McMaster University

McMaster University

Faculty of
Health Sciences

New MD graduate lands coveted residency in pediatric neurology

Published: May 22, 2015
Thiviya Selvanathan
"I love that in pediatric neurology you have the opportunity to form these long-term relationships with your patients and their families" — Thiviya Selvanathan

Thiviya Selvanathan likes to solve very difficult problems, particularly about children. The Kitchener medical student is getting the opportunity, as she has been chosen one of only nine new residents in pediatric neurology in Canada.

A student of the Waterloo Regional Campus of the Michael G. DeGroote School of Medicine, she is graduating McMaster University at convocation on Friday, May 22.  Only nine residents from across Canada were matched to this highly specialized and competitive discipline, and she will take up her residency in pediatric neurology at the University of Toronto and SickKids hospital in Toronto on July 1.

Thiviya went into medicine because she wanted to help people, but also because of the opportunities to teach, and to get involved in research. She chose to specialize in pediatric neurology because she loves working with kids and is fascinated by the human brain.

"I appreciate that the cases we see in pediatric neurology are complex and diverse. I'll see kids with seizures, neuromuscular disorders, strokes and neonates with similar issues as well. These are all kids I might follow long-term," said Selvanathan, who is from Markham. "And I love that part of my job involves interpreting key pieces of a patient's story to come up with a diagnosis. It's like solving a puzzle."

A total of 475 students from midwifery, physician assistant, Bachelor of Health Sciences and several specialty diplomas and graduate degrees, will also cross the Hamilton Place stage at the 2:30 p.m. ceremony.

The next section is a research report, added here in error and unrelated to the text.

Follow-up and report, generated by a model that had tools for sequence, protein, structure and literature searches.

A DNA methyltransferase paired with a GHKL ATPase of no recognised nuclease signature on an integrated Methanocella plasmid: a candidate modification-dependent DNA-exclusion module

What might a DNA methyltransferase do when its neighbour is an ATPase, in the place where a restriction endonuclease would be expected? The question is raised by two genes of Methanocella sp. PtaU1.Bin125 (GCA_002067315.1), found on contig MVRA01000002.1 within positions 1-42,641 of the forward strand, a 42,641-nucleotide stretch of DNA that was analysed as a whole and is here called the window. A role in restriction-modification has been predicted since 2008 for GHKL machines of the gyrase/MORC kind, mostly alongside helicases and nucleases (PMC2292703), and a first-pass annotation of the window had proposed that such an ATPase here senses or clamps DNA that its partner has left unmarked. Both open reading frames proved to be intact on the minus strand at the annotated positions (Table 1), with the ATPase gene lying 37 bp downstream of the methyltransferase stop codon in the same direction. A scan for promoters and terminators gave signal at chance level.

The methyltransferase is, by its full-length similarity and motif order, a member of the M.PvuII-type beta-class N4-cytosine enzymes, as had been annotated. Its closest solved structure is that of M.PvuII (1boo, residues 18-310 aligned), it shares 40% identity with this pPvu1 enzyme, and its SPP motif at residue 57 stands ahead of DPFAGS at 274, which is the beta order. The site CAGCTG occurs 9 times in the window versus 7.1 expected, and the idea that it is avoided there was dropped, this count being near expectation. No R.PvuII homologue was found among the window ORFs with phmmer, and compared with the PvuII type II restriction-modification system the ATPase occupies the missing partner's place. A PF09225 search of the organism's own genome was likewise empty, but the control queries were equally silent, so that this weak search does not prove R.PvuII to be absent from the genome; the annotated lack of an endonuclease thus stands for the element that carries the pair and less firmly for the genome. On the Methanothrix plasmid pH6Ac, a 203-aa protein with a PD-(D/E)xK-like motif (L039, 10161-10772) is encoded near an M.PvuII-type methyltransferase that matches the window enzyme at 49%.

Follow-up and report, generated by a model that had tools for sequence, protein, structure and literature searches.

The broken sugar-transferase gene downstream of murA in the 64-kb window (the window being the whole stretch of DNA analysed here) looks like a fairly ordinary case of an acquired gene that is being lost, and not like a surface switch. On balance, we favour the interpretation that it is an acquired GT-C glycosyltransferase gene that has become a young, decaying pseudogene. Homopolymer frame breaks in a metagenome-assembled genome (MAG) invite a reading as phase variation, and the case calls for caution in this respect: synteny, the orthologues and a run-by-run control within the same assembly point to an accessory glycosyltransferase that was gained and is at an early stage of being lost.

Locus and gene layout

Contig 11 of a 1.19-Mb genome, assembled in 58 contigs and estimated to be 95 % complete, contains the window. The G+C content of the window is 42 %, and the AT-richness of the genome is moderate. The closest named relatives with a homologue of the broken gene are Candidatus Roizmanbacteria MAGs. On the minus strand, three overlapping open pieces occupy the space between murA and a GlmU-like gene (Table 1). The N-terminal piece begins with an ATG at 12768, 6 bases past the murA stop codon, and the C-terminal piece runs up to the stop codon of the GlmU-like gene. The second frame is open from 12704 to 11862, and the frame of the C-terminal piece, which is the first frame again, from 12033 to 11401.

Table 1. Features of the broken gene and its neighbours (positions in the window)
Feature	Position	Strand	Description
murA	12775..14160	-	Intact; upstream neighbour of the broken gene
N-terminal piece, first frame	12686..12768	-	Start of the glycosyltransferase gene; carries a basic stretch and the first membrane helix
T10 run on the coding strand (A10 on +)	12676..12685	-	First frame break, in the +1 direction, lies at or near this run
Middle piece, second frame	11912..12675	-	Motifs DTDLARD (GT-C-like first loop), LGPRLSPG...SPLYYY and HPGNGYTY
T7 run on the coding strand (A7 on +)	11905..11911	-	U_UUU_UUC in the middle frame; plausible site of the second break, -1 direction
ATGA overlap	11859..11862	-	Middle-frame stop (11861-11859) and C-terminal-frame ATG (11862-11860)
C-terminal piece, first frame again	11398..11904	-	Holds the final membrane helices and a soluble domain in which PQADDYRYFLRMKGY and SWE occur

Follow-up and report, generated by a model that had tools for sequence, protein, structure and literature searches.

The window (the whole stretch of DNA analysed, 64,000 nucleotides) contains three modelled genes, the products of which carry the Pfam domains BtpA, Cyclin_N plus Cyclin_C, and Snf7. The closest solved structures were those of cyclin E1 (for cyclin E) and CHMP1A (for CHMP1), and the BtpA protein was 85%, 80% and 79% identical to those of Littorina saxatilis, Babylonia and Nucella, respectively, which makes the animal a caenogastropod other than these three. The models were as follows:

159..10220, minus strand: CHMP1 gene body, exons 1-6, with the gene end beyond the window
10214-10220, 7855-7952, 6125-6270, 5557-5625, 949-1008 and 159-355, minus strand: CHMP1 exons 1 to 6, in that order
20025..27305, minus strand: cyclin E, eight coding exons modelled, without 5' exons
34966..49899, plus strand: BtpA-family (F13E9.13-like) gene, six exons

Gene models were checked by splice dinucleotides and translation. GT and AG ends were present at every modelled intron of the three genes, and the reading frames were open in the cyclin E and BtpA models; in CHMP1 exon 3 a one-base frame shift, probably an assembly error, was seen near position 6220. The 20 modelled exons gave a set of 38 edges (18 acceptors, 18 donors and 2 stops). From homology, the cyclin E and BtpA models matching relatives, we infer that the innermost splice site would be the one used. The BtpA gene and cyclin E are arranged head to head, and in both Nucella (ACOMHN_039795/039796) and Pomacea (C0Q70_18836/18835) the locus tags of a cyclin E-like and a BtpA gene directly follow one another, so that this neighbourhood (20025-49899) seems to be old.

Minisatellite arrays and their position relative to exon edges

"I'm looking forward to forming long-term relationships with my patients and their families," said Selvanathan. "A lot of the time you're following a child as they develop and age so you have the opportunity to form a strong bond with them and their families. That was something I knew I wanted in my job."

What she liked most about studying at McMaster was the problem-based learning approach and the fact that students get to meet patients right from the first week of medical school.

"I found that that's how I remember things," she said. "I remember the patients that I've met, their stories, and how we cared for them. I've read around what they've come in with and that's how I've learned. I love that the early clinical experiences at McMaster encourage that. It suited my learning style."

She also enjoyed her experience at the Waterloo campus.

"It's a very tight-knit group. My classmates, the staff and preceptors are all very supportive," said Selvanathan. "They know you well and that's a special way to go through medical school. It's almost like having a family away from home."

Selvanathan is considering a fellowship in neonatal neurology after she completes her residency.

She wants to see patients, but also wants her career to involve research.

"I think there's a lot we don't know about the developing brain. I have a lot of questions and I want to be part of discovering the answers."

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